On November 12, 2001, PDI issued another press release announcing a loss of $17.3 million for the third quarter of 2001. (Compl. ¶ 63). Saldarini stated that PDI would terminate the Ceftin agreement with GSK, but that PDI had "positive developments in the pipeline. . . ." (Id.). Plaintiffs maintain that the revelations in the November press release were much worse than PDI had previously led investors to believe. (Id. ¶ 65). The price of PDI common stock declined from a $29 per share close on November 12, 2001, to close at $18.35 per share on November 13, 2001. (Id.).

  On November 13, 2001, PDI held a conference call with investors and analysts. (Compl. ¶ 66; David Decl. Ex.8). During the call, Saldarini revealed that PDI would not profit from the Ceftin contract in the fourth quarter. (Compl. ¶ 66). He further advised that the Lotensin contract would not contribute to fourth quarter earnings as expected because PDI "did not have the marketing materials, the positioning and support programs in place." (Id.).

  Procedural History

  Plaintiffs initiated the instant action on January 16, 2002. On May 23, 2002, the Honorable Magistrate Judge Ronald J. Hedges, U.S.M.J. granted Plaintiff Gary Kessel's motion to consolidate civil case 02-cv-211, with 02-cv-367 and 02-cv-699. Thereafter, a Consolidated and Amended Class Action Complaint was filed on July 30, 2002. On November 19, 2002, Plaintiffs' motion to file an Amended Complaint was granted, and the Second Amended Complaint was subsequently filed on December 13, 2002. Count I of Plaintiffs' Second Amended Complaint is premised on violations of Section 10(b) of the Securities Exchange Act of 1934 (the "Exchange Act"), 15 U.S.C. § 78j(b), and Rule 10b-5 promulgated thereunder, 17 C.F.R. § 240.10b-5, against all the Defendants. Count II alleges a violation of Section 20(a) of the Exchange Act, 15 U.S.C. § 78t(a), against Defendants Saldarini and Boyle as the controlling persons of PDI. Defendants presently move to dismiss the Second Amended Complaint under Fed.R.Civ.P. 9(b), 12(b)(6), and the Private Securities Litigation Reform Act of 1995 (hereinafter the "Reform Act" or "PSLRA"), 15 U.S.C. §§ 78u-4, et seq.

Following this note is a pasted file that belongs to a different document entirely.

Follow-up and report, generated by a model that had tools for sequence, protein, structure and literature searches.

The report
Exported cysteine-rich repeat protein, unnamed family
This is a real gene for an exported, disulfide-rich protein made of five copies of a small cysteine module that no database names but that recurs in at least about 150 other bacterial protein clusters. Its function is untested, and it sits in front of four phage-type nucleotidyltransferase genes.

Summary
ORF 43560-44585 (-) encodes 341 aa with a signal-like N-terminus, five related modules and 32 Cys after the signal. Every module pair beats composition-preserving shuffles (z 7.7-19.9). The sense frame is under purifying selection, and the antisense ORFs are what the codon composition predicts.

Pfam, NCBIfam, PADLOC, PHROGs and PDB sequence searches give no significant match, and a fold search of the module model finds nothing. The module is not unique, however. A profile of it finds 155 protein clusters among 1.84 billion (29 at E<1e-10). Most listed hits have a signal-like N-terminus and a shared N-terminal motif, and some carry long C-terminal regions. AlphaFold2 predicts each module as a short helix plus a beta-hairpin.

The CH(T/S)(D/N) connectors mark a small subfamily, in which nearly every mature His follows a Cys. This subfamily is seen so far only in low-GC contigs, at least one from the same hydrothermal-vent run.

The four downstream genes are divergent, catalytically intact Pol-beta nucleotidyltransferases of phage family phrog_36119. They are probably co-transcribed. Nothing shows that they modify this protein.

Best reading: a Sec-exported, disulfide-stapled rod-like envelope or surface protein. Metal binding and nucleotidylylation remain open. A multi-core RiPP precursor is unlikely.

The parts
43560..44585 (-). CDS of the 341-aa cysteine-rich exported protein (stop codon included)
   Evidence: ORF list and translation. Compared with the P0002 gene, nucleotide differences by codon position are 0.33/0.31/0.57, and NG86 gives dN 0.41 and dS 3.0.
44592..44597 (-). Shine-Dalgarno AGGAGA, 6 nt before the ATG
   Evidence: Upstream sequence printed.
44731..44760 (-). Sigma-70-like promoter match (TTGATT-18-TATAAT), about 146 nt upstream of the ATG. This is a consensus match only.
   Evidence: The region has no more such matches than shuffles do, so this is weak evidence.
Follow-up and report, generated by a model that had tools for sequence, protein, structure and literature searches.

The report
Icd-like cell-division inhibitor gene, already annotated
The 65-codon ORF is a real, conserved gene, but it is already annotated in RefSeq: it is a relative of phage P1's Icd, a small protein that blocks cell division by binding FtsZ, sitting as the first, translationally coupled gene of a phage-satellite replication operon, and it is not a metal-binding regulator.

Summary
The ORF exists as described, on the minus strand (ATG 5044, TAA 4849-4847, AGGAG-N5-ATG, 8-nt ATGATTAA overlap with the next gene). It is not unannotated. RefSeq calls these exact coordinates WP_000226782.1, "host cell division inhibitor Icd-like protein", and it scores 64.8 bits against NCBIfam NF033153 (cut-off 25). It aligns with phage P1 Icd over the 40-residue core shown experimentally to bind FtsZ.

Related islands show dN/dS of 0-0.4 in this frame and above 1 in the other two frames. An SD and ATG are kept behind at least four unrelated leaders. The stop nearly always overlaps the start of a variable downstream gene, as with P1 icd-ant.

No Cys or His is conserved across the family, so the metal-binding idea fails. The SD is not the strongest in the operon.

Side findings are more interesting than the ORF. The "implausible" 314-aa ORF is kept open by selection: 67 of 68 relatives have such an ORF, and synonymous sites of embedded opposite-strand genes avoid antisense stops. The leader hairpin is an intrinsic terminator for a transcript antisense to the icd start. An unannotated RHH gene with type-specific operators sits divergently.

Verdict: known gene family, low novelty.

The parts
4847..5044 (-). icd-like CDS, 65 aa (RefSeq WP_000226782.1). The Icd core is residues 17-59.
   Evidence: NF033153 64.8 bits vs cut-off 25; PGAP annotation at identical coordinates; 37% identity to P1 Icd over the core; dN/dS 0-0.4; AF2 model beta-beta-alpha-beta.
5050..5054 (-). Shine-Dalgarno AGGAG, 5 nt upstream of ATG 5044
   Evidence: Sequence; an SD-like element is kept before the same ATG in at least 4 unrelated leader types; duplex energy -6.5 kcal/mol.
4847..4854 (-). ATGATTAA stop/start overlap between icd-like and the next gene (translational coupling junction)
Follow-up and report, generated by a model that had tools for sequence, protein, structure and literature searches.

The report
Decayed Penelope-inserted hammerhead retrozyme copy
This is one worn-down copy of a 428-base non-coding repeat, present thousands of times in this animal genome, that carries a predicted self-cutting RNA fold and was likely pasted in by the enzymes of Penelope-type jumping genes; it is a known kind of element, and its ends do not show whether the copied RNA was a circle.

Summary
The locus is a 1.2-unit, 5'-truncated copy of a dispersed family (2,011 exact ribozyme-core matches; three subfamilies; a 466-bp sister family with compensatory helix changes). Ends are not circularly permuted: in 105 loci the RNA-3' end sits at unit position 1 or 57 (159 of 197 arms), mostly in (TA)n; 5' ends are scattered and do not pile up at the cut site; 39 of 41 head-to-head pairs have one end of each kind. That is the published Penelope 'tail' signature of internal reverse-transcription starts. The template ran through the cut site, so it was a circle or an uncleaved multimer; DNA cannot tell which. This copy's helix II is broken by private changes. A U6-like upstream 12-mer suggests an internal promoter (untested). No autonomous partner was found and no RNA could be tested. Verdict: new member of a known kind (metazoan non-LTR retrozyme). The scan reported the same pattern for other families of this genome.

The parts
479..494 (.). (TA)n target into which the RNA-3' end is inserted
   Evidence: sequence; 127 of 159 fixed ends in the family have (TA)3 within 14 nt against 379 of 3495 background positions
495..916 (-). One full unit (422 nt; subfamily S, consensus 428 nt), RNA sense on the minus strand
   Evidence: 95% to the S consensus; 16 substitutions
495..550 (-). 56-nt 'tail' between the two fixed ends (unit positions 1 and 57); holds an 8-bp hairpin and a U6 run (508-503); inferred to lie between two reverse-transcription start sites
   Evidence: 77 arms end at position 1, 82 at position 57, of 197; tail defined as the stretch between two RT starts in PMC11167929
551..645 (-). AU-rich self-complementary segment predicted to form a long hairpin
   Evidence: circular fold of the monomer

A. Rule 12(b)(6), Rule 9(b), and the Reform Act

  1. Fed.R.Civ.P. 12(b)(6)

  The applicable inquiry under Federal Rule 12(b)(6) is well-settled. Courts must accept all well-pleaded allegations in the complaint as true and to draw all reasonable inferences in favor of the non-moving party. Scheuer v. Rhodes, 416 U.S. 232, 236 (1974), overruled on other grounds, Harlow v. Fitzgerald, 457 U.S. 800 (1982); Allegheny Gen. Hosp. v. Philip Morris, Inc., 228 F.3d 429, 434-35 (3d Cir. 2000). The question is not whether plaintiffs will ultimately prevail in a trial on the merits, but whether they should be given an opportunity to offer evidence in support of their claims. Scheuer, 416 U.S. at 236. Dismissal under Rule 12(b)(6) is not appropriate unless it appears beyond doubt that plaintiff can prove no set of facts in support of his claim which would entitle him to relief. Official Comm. of Unsecured Creditors v. R.F. Lafferty & Co., 267 F.3d 340, 346 (citing Conley v. Gibson, 355 U.S. 41, 45-46 (1957)).